Tips for a Successful Volunteer Project

Originally published as a white paper for NPower Seattle in December 2007.

Volunteers are a great resource for any nonprofit organization. We’re lucky in the Puget Sound region to have so many technically-skilled individuals looking to give back to our community. Recruiting helpful techie hands is relatively easy. Structuring your project in a way to ensure a positive real impact on your organization and a meaningful experience for the volunteer—that can be difficult. Here are some quick tips for success.

Spend more time than you think is necessary on planning.

Keep in mind that professional consultants often spend between 100-200 hours building a new database, and websites can also take well over 100 hours. We encourage organizations to put in as much advance effort with a volunteer project as they would if they were going to pay thousands of dollars for the same project. For example, if you are asking a volunteer to redesign your website, document as fully as possible what you want the new site to look like: colors, layouts, main content categories, etc. It is relatively common for organizations to hire a consultant to do portions of a tech project, and have the rest done by volunteers.

Plan on spending a considerable amount of staff time on this project, even after the planning stage.

Your volunteer will need help understanding what your organization’s goals are for the completed project. For any tech project to be successful, your volunteer (or paid consultant for that matter) will need a lot of staff input and participation. Make sure a qualified staff member, possibly several depending on the project, is available throughout the project.

 

Do your homework. Make sure you have an understanding of the technology that you are asking to be implemented.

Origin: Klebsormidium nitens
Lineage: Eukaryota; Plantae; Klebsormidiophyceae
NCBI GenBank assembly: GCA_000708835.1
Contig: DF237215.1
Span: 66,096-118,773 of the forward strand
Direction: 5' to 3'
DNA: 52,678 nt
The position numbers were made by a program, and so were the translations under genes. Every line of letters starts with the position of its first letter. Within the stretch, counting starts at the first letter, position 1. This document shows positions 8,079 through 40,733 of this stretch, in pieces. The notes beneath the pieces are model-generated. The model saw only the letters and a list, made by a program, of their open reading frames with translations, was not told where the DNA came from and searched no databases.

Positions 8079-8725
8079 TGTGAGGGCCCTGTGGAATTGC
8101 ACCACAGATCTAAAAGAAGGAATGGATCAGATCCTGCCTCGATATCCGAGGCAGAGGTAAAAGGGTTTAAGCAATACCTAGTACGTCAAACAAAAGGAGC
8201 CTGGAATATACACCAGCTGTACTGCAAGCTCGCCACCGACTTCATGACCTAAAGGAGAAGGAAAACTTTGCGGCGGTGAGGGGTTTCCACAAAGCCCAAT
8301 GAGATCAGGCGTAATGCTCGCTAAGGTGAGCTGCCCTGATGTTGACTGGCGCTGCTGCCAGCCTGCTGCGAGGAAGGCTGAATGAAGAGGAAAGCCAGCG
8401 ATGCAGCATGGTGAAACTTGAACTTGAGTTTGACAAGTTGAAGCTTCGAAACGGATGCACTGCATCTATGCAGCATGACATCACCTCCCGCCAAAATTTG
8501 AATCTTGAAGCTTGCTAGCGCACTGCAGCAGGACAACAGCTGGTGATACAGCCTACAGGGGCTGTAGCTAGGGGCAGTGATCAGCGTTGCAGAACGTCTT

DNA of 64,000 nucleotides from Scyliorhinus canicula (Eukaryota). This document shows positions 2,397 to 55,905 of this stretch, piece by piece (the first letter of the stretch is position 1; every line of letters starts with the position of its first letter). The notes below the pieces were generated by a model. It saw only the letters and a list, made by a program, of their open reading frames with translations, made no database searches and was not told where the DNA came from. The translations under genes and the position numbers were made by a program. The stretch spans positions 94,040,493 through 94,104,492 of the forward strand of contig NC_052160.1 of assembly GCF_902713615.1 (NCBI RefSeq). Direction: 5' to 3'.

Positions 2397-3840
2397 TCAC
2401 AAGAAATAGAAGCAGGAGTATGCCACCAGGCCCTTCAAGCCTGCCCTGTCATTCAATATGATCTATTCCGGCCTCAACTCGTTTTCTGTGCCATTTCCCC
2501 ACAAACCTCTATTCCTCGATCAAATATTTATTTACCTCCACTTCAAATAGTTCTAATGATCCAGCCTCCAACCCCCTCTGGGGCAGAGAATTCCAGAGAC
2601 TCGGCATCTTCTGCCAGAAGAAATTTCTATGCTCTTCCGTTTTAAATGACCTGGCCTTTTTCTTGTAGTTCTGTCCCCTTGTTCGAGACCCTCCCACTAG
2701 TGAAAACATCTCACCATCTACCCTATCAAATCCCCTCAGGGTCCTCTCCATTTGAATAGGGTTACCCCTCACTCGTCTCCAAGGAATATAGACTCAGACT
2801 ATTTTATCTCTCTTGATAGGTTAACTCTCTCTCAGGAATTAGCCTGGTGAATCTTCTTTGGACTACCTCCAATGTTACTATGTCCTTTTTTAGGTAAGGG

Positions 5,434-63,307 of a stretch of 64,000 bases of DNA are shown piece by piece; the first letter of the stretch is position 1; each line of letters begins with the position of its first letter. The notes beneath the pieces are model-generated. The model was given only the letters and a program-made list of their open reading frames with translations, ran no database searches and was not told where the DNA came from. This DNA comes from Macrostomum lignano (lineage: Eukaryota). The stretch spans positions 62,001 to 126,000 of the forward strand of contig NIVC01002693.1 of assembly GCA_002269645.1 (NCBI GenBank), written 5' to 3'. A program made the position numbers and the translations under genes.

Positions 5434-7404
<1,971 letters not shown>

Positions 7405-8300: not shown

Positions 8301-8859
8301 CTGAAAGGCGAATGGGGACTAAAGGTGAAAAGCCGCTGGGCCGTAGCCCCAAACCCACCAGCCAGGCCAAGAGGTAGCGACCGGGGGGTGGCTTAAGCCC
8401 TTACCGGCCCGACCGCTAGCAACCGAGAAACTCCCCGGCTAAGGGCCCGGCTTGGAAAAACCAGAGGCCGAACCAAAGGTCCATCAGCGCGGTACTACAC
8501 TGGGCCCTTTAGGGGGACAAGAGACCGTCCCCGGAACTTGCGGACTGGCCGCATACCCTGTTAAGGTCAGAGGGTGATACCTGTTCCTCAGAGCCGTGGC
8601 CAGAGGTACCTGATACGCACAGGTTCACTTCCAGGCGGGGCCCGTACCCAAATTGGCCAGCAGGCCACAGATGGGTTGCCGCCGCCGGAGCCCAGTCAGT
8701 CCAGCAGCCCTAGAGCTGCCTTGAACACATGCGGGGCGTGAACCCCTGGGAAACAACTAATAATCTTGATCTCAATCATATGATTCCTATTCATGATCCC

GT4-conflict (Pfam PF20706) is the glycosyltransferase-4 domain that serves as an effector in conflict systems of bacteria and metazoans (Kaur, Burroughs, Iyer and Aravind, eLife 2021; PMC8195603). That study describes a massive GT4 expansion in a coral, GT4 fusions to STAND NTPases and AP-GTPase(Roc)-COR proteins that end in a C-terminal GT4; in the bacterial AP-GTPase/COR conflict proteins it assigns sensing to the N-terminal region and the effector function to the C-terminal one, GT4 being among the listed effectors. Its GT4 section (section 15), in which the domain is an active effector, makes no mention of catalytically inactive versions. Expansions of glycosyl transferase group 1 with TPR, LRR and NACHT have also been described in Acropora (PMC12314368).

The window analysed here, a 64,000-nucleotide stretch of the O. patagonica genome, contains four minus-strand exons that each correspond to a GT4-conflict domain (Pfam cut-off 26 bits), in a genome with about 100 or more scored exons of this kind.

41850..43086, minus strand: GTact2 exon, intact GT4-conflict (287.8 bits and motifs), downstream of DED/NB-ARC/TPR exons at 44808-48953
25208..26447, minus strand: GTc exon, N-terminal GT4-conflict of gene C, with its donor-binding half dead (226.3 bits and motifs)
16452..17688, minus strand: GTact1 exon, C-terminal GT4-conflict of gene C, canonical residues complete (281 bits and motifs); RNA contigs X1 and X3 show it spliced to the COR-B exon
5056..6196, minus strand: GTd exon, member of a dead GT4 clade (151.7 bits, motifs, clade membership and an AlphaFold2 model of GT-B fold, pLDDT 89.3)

Sometimes our clients get frustrated when something they thought would be a simple addition to their technology infrastructure actually requires many hours of our consultants time. With computers and technology, things are rarely as simple as they seem. Even if it seems simple, ask other agencies how long it took them. Ask NPower how long it would take our consultants.

 

If your project is large, consider dividing it into smaller pieces.

As we said above, some technology projects can be 200 hours or more, and it can be very difficult to recruit a volunteer able to commit to a project of that size. However, organizations have had success with these longer projects bydividing the project into pieces.

For instance, if you are looking for a volunteer to build you a new website, you could start by recruiting a volunteer to help you build a site map and define the organizational structure for your website. Then look for another volunteer that create the visual design, and tap yet another to do the actual implementation. In some complex projects, you may want to hire paid consultants for some tasks and engage volunteers for the rest.

Consider long-term maintenance as part of your overall plan.

Building a network, a website, or a database can take a large amount of time, but just as important, and potentially time-consuming, are the ongoing maintenance activities. Databases and websites often last much longer than any individual volunteer’s availability. If you’re looking for a volunteer to do up-keep and maintenance as well building out the technology, you need to make sure this is very clear at the outset. Even if you do find someone able to make a long-term commitment, it is always a good idea to make sure that at least one of your staff members is trained sufficiently to take over responsibility.

Make sure you have strong business reasons for your decisions, including software choices.

Many organizations come to NPower asking for a technical solution to be built using a specific tool, for example, they want their website built using Dreamweaver or their donor database built in FileMaker. Make sure that you have specific and strong reasons for using that tool, and owning it already isn’t necessarily a strong reason. When you limit your project to being built with specific software, you also limit the number of volunteers who could help you on the project, and you may also limit the productivity and adaptability of your project down the road. You should also make sure that you consider long term support, both the ease of finding it and its cost, while you are choosing your website or database tool.